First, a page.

They finally managed to coax Sarah outside. The isolation, brought on by war, the lack of specific resources meant that many children with Down syndrome regressed while others never learned the basics, like walking, feeding themselves and speaking.

One of the boys plays with our microphone. The children may not be able to articulate what they've been through but they are all well aware of the violence of their surroundings. Abdelkarim (ph) is 6 years old and a total charmer.

DAMON: Apparently, he used to be so shy, he would never come up to people.

(Speaking foreign language).

UNIDENTIFIED FEMALE: (Speaking foreign language).

DAMON: He wasn't even able to say any words. He had lost all of his speech before he came here.

DAMON (voice-over): The center was started by Abdullah Mohammad (ph) seven months ago. He's a pediatric nurse who did a year in a clinic for special needs children before the war. He pays the rent for this tiny space out of his own pocket.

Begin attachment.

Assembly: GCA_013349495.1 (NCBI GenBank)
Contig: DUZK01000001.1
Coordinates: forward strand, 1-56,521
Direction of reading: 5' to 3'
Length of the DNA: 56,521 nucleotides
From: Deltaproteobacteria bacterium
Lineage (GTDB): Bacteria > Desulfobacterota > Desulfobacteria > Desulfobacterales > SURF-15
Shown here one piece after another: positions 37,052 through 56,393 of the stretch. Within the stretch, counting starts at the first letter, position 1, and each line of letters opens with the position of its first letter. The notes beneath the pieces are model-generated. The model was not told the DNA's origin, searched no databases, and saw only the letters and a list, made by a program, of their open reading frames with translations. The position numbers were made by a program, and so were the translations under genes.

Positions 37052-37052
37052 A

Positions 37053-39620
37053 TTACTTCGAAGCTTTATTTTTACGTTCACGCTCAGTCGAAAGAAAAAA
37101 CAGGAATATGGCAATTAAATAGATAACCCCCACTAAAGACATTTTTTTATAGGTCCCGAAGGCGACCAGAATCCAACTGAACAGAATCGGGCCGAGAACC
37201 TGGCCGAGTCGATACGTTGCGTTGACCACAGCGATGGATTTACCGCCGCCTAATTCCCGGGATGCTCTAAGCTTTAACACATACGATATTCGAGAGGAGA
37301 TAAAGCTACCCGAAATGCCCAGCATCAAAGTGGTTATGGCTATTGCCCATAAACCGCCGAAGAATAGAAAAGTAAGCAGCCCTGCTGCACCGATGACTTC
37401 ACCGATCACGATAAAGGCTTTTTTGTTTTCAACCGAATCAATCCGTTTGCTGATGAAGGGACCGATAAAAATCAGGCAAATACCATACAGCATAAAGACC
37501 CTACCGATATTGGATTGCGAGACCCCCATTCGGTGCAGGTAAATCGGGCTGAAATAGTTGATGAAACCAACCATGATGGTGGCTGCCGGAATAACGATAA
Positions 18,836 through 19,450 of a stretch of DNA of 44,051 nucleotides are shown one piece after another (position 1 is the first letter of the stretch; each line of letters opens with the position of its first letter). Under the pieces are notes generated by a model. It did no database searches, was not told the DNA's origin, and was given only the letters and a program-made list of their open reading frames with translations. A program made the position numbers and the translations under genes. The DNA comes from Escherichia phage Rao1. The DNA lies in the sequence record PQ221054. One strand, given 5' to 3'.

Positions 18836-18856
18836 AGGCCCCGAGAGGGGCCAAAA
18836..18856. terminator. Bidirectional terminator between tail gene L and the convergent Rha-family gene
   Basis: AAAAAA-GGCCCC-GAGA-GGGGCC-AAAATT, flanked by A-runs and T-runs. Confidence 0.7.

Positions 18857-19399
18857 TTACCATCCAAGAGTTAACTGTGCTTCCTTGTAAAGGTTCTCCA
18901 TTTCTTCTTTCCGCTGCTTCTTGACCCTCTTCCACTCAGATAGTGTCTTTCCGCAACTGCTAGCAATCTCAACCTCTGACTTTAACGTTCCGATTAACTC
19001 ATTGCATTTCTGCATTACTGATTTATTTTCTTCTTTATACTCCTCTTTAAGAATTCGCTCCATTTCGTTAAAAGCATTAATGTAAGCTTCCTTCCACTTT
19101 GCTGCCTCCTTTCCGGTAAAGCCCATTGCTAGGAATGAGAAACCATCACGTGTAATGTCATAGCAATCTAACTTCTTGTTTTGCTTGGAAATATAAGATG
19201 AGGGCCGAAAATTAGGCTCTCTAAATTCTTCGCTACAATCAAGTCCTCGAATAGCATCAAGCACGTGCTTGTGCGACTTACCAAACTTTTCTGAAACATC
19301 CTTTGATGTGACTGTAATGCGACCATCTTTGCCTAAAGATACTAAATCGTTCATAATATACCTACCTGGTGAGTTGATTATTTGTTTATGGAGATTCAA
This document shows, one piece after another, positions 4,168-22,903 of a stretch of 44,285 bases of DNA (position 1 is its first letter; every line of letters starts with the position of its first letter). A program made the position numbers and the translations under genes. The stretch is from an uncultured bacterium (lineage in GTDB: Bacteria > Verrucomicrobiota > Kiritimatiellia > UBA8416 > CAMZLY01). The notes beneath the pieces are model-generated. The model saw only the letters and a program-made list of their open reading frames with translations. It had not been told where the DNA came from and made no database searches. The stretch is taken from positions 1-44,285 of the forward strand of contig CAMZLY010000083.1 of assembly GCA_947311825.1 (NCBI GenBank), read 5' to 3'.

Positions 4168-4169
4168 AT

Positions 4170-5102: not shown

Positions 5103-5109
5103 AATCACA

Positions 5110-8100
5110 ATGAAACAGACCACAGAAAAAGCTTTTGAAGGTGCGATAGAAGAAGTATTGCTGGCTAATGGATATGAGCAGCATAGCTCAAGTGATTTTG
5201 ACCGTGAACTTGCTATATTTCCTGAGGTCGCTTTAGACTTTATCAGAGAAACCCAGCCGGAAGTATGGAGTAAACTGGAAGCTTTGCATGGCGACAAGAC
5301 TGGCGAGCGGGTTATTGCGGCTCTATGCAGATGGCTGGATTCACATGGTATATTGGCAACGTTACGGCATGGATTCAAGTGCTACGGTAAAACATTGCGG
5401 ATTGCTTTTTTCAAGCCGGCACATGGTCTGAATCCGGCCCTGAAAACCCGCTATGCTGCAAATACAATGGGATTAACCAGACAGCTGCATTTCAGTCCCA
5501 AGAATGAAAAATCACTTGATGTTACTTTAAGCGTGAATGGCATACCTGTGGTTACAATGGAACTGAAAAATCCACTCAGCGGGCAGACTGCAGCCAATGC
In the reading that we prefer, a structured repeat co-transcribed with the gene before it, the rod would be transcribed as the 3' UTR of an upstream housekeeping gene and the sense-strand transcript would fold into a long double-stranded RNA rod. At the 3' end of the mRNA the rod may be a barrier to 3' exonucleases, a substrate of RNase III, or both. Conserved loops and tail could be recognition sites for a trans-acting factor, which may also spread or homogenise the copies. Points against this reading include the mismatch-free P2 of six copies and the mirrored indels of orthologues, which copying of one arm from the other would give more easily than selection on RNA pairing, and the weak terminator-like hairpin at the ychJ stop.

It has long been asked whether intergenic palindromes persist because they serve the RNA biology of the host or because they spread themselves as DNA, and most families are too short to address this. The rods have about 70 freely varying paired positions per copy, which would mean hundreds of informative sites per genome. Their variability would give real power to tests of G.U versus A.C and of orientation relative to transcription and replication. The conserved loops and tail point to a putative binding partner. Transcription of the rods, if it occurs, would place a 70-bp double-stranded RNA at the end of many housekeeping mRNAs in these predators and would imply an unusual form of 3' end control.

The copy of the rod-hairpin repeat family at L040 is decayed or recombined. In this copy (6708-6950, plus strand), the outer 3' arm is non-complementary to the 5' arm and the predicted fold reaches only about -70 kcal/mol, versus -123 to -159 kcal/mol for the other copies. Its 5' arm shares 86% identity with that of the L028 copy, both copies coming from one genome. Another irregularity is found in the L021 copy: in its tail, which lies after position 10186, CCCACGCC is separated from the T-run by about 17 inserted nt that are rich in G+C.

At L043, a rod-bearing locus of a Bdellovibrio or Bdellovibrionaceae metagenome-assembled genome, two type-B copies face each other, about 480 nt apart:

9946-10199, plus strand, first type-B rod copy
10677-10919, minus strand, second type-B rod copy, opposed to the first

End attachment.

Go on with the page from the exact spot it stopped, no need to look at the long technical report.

"We are struggling to stay open," his wife and the center's director, says.

But at the same time, we can't let go of the kids, especially not now, not that they have seen the impact they can have, knowing that hundreds more need their help.

Down syndrome is a genetic condition, in which a child has a full or partial extra chromosome. This affects the way the child's brain and body develop. Early intervention can mitigate the majority of the developmental challenges.

But even before the war, that was a struggle.

"One of the many problems is weak muscle development," the physical therapist tells us. She says, "Abdelkarim (ph) should have splints to help his knee joints," but she has to work with the little she has.